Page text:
Clinical:

Some individuals may have a mutation that is not identified by the methods performed. The absence of a mutation, therefore, does not eliminate the possibility of hereditary hemolytic anemia or a related disorder. This assay does not distinguish between germline and somatic alterations, particularly with variant allele frequencies (VAF) significantly lower than 50%. Test results should be interpreted in context of clinical findings, family history, and other laboratory data. Misinterpretation of results may occur if the information provided is inaccurate or incomplete.

 

If there is a family history of hereditary hemolytic anemia or a related disorder, it is often useful to test first-degree family members to help establish the clinical significance of variants of unknown significance.

 

At this time, it is not standard practice for the laboratory to systematically review likely pathogenic variants or variants of uncertain significance that have been previously detected and reported. The laboratory encourages health care providers to contact the laboratory at any time to learn how the status of a particular variant may have changed over time.

 

Technical:

Some genetic or genomic alterations, such as large insertion/deletion (indel) events, copy number alterations and gene translocation events are not detected by this assay. The depth of coverage may be variable for some target regions, but assay performance below the minimum acceptable criteria or for failed regions will be noted. Additionally, rare polymorphisms may be present that could lead to false-negative or false-positive results. If results do not match clinical findings, consider alternative methods for analyzing these genes, such as Sanger sequencing or large deletion/duplication analysis. If the patient has had an allogenic blood transfusion, these results may be inaccurate due to the presence of donor DNA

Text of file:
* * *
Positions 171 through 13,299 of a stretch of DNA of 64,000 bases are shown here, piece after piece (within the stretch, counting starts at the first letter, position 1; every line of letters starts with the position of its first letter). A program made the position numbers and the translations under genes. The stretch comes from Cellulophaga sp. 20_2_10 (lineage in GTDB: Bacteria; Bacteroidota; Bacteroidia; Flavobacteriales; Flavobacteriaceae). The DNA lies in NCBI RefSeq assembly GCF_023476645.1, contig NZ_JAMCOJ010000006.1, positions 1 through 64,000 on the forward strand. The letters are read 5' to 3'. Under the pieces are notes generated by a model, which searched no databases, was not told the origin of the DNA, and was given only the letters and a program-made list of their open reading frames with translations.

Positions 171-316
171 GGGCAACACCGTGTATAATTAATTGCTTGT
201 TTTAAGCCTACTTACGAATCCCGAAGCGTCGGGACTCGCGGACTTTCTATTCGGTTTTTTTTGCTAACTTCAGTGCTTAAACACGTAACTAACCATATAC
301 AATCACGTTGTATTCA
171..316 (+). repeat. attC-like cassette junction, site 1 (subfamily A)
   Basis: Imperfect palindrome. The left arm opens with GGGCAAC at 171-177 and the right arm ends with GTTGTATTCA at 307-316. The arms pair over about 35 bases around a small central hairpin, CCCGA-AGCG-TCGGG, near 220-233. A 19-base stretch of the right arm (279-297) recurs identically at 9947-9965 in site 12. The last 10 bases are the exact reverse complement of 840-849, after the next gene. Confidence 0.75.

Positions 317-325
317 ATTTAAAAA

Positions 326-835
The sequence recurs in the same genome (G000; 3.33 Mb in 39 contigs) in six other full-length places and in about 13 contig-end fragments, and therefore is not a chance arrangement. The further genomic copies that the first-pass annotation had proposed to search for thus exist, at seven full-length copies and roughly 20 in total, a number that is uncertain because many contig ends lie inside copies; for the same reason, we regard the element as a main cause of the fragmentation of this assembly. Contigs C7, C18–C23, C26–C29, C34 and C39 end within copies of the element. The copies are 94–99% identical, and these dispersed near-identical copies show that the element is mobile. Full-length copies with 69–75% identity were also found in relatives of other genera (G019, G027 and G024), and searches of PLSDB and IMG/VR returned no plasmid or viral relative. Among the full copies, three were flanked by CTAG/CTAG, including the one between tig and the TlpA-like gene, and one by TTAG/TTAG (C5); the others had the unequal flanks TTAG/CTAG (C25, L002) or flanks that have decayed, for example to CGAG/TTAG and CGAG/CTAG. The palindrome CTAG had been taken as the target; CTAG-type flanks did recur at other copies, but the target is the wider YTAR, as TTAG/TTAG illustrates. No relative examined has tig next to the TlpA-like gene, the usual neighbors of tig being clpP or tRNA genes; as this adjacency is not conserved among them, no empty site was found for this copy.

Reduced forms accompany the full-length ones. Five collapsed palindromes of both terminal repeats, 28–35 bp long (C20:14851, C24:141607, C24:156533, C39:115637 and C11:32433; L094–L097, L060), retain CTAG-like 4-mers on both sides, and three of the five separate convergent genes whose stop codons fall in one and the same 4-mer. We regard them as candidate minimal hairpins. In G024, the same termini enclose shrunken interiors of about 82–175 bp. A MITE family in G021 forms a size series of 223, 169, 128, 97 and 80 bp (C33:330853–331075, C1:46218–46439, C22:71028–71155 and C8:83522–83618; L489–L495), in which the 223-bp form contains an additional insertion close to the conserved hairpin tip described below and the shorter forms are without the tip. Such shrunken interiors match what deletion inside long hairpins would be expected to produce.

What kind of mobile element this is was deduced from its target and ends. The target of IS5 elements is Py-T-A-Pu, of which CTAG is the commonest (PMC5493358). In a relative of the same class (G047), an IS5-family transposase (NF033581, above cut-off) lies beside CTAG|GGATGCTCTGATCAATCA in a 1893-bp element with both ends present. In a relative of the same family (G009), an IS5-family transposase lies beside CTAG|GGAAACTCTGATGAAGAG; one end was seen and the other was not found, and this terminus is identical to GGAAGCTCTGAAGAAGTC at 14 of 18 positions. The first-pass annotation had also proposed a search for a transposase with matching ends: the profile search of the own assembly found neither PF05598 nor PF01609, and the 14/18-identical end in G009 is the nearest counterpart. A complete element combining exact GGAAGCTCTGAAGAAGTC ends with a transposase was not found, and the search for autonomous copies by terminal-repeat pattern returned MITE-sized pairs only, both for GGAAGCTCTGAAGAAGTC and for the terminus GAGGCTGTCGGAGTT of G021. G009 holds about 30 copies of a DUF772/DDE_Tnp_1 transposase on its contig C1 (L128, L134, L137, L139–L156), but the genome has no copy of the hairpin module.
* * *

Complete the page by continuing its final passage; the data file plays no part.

Clinical Reference Recommendations for in-depth reading of a clinical nature

1. Nathan and Oski’s Hematology of Infancy and Childhood. Edited by SH Orkin, DG Nathan, D Ginsburg, et al. Seventh edition. Philadelphia, Saunders Elsevier, 2009, pp 360-364

2. Iolascon A, Heimpel H, Wahlin A, Tamary H: Congenital dyserythropoietic anemias: molecular insights and diagnostic approach. Blood 2013 Sep 26;122(13):2162-2166

3. Arnaud L, Saison C, Helias V, et al. A dominant mutation in the gene encoding the erythroid transcription factor KLF1 causes a congenital dyserythropoietic anemia. Am J Hum Genet 2010 Nov 12;87(5):721-727

4. Iolascon A, Andolfo I, Barcellini W, et al: Recommendations for splenectomy in hereditary hemolytic anemias. Haematologica 2017 May 26. PMID: 28550188. doi: 10.3324/haematol.2016.161166

5. Richards S, Aziz N, Bale S, et al: Standards and guidelines for the interpretation of sequence variants: a joint consensus recommendation of the American College of Medical Genetics and Genomics and the Association for Molecular Pathology. Genet Med 2015 May;17(5):405-424

Special Instructions Library of PDFs including pertinent information and forms related to the test